Breaking:Chiefs agree to 10-year extension with Mahomes
Today's Edition Local News Missouri News National News World Opinion Obits Sports GoMidMo Events Classifieds Jobs Newsletters Contests Search

Dennis P. Morrissey

Jefferson City

Dear Editor:

A recent NT article talked about unforeseen city costs for tornado and flood damage creating a tight budget. Funds may have to be withheld from the city's approved budget and require future tax increases. I have some suggestions that might avert tax increases by redirecting existing funds.

Commercial real estate property is woefully under appraised. The city needs to work with the county assessor to rectify this problem. This would result in lower taxes for individuals, commercial property owners paying their fair share, and a net revenue increase.

Consideration should be given to redirecting existing sales taxes. Fifty percent of city sales tax goes toward special projects. The capital improvements sales tax needs to be redirected to maintenance uses, instead of new projects, the next time it is up for renewal. We need to fix existing infrastructure. While parks are nice, the parks sales tax should be reduced and redirected with the reduction directed at maintenance of other city property. The 16-plus miles of greenway, over 1,300 acres of property, and 18 parks are sufficient for now. The City Council should nix the issuance of parks bonds which will waste $250,000 in interest payments. Both sales tax changes will allow the city to address current needs.

Our tourism tax fund has a multi-million dollar balance. To promote tourism, some of these funds should be used to clean up damage from recent natural disasters and fix infrastructure instead of building a conference center on the old prison property. We need to temporarily suspend any further expenditures on development of prison property.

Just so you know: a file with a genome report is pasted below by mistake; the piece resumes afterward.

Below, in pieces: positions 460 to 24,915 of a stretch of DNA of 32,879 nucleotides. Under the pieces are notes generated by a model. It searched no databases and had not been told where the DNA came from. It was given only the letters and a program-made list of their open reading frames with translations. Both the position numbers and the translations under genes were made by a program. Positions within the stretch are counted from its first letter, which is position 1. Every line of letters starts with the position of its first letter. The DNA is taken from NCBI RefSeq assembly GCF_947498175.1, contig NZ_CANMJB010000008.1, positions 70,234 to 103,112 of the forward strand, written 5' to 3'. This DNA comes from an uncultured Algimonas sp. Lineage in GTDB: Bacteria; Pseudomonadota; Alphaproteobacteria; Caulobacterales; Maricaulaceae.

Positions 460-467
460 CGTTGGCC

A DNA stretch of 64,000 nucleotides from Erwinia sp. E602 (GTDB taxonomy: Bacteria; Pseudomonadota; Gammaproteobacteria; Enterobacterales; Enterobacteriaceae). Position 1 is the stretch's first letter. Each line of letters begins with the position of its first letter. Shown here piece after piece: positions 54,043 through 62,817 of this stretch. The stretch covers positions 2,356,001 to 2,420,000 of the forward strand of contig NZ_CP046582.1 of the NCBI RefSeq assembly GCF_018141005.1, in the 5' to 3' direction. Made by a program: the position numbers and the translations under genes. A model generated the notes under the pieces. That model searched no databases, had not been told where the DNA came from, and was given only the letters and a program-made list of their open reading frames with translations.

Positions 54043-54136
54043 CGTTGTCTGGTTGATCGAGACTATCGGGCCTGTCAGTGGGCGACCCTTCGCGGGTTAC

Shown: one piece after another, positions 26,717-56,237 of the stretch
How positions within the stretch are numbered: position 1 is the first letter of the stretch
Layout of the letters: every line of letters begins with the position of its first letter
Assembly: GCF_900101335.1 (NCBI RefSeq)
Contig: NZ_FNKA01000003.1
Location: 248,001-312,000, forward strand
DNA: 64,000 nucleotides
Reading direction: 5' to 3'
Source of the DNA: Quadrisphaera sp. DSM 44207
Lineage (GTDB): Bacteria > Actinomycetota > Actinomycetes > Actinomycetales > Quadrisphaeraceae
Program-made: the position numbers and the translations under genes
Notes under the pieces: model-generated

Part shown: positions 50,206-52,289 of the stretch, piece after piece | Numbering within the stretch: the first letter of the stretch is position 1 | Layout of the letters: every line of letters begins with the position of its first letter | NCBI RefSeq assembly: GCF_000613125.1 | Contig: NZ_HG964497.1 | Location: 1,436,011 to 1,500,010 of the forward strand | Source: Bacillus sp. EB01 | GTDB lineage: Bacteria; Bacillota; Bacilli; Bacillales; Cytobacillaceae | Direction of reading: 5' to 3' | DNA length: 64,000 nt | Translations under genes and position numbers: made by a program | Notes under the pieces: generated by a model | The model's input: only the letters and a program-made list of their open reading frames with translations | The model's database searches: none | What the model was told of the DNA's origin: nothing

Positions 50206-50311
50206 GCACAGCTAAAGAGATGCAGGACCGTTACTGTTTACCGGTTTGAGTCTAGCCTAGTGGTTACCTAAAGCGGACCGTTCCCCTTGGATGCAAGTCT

We should not consider any new sales tax increases. If we raise sales tax too high, people will shop elsewhere, resulting in less revenue. Our local merchants are already at a competitive disadvantage because Jefferson City has no use tax. Example: A $35,000 car purchased out of state results in a $700 loss in city tax as Jefferson City collects nothing on the transaction. In effect, the car can be bought cheaper out of state. While I am not a proponent of tax increases, a fair tax system is needed. Jefferson City needs to reconsider imposition of a use tax on larger dollar purchases.

Implementation of these changes and reduced spending on new development will eliminate fund shortages, with minimal impact on taxpayers. I respectfully request these items be considered by our council and mayor.

COMMENTS - It looks like you're using Internet Explorer, which isn't compatible with our commenting system. You can join the discussion by using another browser, like Firefox or Google Chrome.
It looks like you're using Microsoft Edge. Our commenting system is more compatible with Firefox and Google Chrome.